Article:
Challenges or necessary changes
While, in the immediate aftermath of a disaster, those affected are first and foremost in need of fundamental, life-saving humanitarian assistance, experience teaches us that those affected are also at serious risk of human rights violations, ongoing physical and psychological damage, and the loss of human dignity. Moreover, discrimination and violations of economic, social and cultural rights can become more entrenched the longer displacement lasts. These violations are in most cases not consciously planned and instigated but result from a lack of appropriate policies, and the implementation of inadequate and uncoordinated humanitarian interventions.

They could, therefore, be easily avoided if the relevant human rights guarantees were taken into account from the outset. For this reason, protection must be an intrinsic part of the emergency response from the first moments of the relief effort. It follows that policies and procedures must be developed and put in place by responsible authorities, including governments, UN emergency response agencies, and non-governmental organisations and other stakeholders that will ensure the integration of protection into all responses activities.

In responding to the needs of those affected by natural disasters, the local context (culture, traditions, and practices) should be recognised and addressed during planning, implementation and evaluation of the response. Where more than one cultural or ethnic community is affected, it may be necessary to ensure that an equal needs-based standard of assistance is applied, and to focus coordination efforts on avoiding discrepancies in aid delivery. In those situations where there are pre-existing tensions between different social groups, transparency and community involvement is especially needed in order to avoid the emergence of conflicts between different populations.

In all instances, participative and inclusive methods carried out with cultural sensitivity should be practiced in programmes addressing emergency response, rehabilitation and mitigation. Community, local NGOs and local government participation should be ensured in planning, implementation and evaluation of the project.

In cases of massive destruction such as, for example, the tsunami in Aceh, there is a need for monitoring of actors addressing the needs which arise. The voluntary participation of local communities and organisations should be ensured as a way to strengthen their resilence and solidarity. In the case of the Aceh tsunami response, a second tsunami of International NGOs and UN agencies operating according to their "standard procedures" was not transparent and was sometimes insensitive to the local context, leading to damage in the social fabric of the community.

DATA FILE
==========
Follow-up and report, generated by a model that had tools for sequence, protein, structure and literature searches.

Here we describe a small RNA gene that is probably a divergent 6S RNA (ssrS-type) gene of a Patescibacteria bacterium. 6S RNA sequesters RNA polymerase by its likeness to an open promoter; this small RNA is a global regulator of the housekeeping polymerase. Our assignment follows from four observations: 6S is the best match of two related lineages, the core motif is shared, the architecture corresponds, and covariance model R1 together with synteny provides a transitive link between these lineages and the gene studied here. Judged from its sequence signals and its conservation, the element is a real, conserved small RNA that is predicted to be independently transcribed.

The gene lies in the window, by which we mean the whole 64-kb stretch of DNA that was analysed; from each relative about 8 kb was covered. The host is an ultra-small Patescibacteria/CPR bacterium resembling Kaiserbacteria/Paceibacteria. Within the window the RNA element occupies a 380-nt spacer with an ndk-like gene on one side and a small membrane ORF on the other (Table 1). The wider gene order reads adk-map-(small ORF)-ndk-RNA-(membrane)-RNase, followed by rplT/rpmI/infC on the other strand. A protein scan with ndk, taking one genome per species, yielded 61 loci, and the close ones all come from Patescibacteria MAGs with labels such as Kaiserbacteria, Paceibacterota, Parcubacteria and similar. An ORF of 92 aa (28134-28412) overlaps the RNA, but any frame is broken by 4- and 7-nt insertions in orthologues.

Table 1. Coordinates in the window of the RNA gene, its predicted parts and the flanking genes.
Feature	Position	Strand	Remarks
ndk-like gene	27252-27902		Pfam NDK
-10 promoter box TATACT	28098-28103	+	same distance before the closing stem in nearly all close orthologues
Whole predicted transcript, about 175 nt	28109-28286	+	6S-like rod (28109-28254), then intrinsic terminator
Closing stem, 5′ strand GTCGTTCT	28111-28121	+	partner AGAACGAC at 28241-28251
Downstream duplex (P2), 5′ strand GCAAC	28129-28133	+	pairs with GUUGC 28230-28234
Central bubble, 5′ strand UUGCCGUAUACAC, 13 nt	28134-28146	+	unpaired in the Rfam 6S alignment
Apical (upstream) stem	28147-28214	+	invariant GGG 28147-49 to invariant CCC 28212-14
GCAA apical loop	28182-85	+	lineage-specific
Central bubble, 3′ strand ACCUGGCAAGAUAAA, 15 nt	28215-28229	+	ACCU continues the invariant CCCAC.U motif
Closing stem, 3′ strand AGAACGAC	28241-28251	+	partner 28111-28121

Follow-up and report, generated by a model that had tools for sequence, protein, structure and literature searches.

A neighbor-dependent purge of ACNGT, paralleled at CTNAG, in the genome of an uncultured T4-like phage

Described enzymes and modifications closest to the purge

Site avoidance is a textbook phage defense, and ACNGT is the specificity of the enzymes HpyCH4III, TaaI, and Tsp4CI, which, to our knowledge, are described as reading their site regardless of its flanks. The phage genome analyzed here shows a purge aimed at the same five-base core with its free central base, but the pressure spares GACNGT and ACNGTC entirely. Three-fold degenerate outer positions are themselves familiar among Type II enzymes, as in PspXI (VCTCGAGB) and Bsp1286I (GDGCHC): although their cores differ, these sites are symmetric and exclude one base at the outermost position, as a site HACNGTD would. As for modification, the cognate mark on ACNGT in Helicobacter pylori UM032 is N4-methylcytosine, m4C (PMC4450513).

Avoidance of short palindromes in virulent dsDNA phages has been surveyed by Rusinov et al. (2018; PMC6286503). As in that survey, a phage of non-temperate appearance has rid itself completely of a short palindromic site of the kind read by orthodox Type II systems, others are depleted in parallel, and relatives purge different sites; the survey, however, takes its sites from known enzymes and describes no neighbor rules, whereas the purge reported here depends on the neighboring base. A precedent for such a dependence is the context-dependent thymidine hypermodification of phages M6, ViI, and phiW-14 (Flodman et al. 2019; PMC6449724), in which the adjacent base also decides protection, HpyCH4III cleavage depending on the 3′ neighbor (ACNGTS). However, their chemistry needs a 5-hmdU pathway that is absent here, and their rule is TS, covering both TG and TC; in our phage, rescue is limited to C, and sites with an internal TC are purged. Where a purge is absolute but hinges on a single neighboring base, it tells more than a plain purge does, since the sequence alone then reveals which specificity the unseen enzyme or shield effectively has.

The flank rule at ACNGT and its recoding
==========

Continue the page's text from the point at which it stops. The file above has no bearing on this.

The involvement of JRS
Responding to natural disasters and the displacement resulting from them has not generally been a priority focus of JRS offices, which have relatively little experience in this area. As a general rule, JRS does respond to natural disasters when a JRS project already exists or staff are already working close to the affected area and when a JRS accompanied-community or camp is affected by a disaster. JRS will not try to address the large scale needs but rather will focus on accompanying and serving displaced persons and communities with severe unaddressed or complex needs which no one else is addressing.

Important factors in the decision as to whether to respond to disasters are the capacities of the local JRS staff and the availability of resources to take on this work while sustaining the commitment to ongoing priorities. JRS reacts to emergencies by providing services in its core competencies: education, medical help, basic food and non- food assistance, reconciliation and advocacy, always considering its role in relation to that of experienced NGOs and authorities.